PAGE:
The heat ex-changer and ventilation system.

This is an item that was not in my initial budget but it became ever clearer to me, having seen a friends house with one, that it would  be the sensible thing to go for in the long run. The house will be so air tight, despite not using membranes, plastics and foams, that without opening windows or doors there will not be sufficient oxygen for the occupants, according to the building regulations. If you open windows or doors in the winter you are letting a lot of hot air out and a lot of cold air in, which is inefficient and costly as it wastes energy. Thus the acquiring of a ventilation system with a heat exchanger enables air from the bathroom and kitchen to be expelled outside but first using it to heat up fresh air which is being drawn in from outside and delivered to the bedrooms and the lounge area. Roughly 80% of the heat from the expelled air is transferred to the incoming air by using a tiny bit of electricity to turn a small but cleverly designed fan.

There will be many different makes on the market but the one I used is Systemair. They provided the plan, the unit and the pipes and I installed it. So far I am very happy with it. I will only be using it in colder weather, otherwise it will be turned off and windows will be open.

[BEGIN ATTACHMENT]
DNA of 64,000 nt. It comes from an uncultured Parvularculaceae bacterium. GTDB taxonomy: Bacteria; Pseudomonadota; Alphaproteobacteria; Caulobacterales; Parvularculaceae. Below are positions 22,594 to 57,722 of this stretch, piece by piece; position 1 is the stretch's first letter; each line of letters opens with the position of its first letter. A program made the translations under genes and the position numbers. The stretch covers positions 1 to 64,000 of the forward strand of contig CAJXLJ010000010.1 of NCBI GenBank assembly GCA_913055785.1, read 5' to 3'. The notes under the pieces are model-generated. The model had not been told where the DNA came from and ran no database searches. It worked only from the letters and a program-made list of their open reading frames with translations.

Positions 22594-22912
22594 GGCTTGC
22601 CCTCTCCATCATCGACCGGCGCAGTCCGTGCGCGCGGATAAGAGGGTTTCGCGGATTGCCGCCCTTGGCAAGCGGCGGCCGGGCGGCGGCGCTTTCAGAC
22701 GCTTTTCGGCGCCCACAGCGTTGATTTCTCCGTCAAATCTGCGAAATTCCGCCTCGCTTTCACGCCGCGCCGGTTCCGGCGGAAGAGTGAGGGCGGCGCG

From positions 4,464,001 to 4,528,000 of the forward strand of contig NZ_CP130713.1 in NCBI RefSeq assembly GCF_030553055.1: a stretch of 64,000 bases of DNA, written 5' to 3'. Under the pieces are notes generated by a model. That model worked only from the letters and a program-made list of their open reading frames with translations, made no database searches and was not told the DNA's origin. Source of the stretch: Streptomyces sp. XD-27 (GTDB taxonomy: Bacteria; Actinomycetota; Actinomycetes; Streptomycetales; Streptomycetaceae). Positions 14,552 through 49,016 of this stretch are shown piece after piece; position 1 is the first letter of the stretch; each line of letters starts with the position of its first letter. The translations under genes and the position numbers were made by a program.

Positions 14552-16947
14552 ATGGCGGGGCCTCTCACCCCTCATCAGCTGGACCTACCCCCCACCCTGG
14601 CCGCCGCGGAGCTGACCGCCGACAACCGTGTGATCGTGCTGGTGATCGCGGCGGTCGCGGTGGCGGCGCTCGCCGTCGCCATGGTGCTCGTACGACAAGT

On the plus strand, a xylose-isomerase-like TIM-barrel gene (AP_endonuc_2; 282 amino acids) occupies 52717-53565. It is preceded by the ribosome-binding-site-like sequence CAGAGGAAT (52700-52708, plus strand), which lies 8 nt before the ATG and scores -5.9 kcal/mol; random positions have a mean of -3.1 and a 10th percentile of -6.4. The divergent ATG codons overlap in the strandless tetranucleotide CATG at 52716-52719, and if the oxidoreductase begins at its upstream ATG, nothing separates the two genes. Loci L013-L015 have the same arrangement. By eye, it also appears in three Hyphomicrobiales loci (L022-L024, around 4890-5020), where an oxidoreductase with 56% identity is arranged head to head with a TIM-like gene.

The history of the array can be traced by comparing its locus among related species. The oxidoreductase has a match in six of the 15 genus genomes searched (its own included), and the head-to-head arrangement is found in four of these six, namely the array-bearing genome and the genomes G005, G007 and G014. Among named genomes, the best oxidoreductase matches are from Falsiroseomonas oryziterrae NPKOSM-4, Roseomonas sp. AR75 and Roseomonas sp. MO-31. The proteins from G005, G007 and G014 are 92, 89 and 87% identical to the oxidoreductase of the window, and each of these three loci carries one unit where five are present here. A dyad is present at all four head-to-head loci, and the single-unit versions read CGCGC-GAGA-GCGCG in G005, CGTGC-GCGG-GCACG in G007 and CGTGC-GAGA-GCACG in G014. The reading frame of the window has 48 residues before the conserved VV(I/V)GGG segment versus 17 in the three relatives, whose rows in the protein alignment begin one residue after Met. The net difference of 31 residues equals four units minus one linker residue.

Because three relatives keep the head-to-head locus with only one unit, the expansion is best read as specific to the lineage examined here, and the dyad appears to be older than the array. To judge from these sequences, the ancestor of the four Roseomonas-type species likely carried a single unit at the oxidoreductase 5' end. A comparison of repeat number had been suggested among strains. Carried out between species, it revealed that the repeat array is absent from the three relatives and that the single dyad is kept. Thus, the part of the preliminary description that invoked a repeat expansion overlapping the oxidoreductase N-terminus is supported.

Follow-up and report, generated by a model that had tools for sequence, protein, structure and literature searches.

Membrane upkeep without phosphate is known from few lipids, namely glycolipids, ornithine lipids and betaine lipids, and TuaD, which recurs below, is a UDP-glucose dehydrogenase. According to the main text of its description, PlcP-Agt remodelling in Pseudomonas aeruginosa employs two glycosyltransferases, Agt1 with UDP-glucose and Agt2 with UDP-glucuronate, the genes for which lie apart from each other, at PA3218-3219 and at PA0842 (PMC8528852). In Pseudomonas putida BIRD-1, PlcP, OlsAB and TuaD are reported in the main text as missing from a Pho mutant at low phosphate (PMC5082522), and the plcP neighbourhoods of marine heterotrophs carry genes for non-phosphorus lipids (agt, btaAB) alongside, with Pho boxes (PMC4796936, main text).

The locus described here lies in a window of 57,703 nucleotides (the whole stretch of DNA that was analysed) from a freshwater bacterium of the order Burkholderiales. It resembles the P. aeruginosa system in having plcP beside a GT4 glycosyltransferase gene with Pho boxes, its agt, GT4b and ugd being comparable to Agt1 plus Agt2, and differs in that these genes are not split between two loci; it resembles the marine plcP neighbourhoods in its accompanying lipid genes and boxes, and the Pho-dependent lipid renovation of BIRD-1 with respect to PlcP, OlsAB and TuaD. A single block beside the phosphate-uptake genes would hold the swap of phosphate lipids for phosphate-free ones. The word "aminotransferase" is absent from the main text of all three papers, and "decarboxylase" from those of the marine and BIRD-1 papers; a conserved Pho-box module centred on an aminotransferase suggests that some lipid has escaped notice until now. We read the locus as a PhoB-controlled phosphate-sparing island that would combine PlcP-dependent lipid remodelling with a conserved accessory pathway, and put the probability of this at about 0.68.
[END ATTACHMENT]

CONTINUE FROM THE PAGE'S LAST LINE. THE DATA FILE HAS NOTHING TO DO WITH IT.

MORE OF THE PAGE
2018-11-17 10.58.46The white box is the heat exchanger unit. The white insulated pipes above it carry the air. The copper pipes in the picture are all to do with the water plumbing and the hot water tank behind.

2018-11-17 10.59.07

2018-11-17 10.58.57The air intake and outlet passing through the one gable end wall.

2018-11-17 11.00.21The other gable wall with a pipe delivering warmed fresh air to a bedroom to the left and the lounge on the right.

2019-06-12 19.36.15Air extraction points in the kitchen ceiling.

2019-06-12 19.34.21The touch pad control unit in the passage.

2019-06-12 19.34.35Showing temperature information at that time of the photo.

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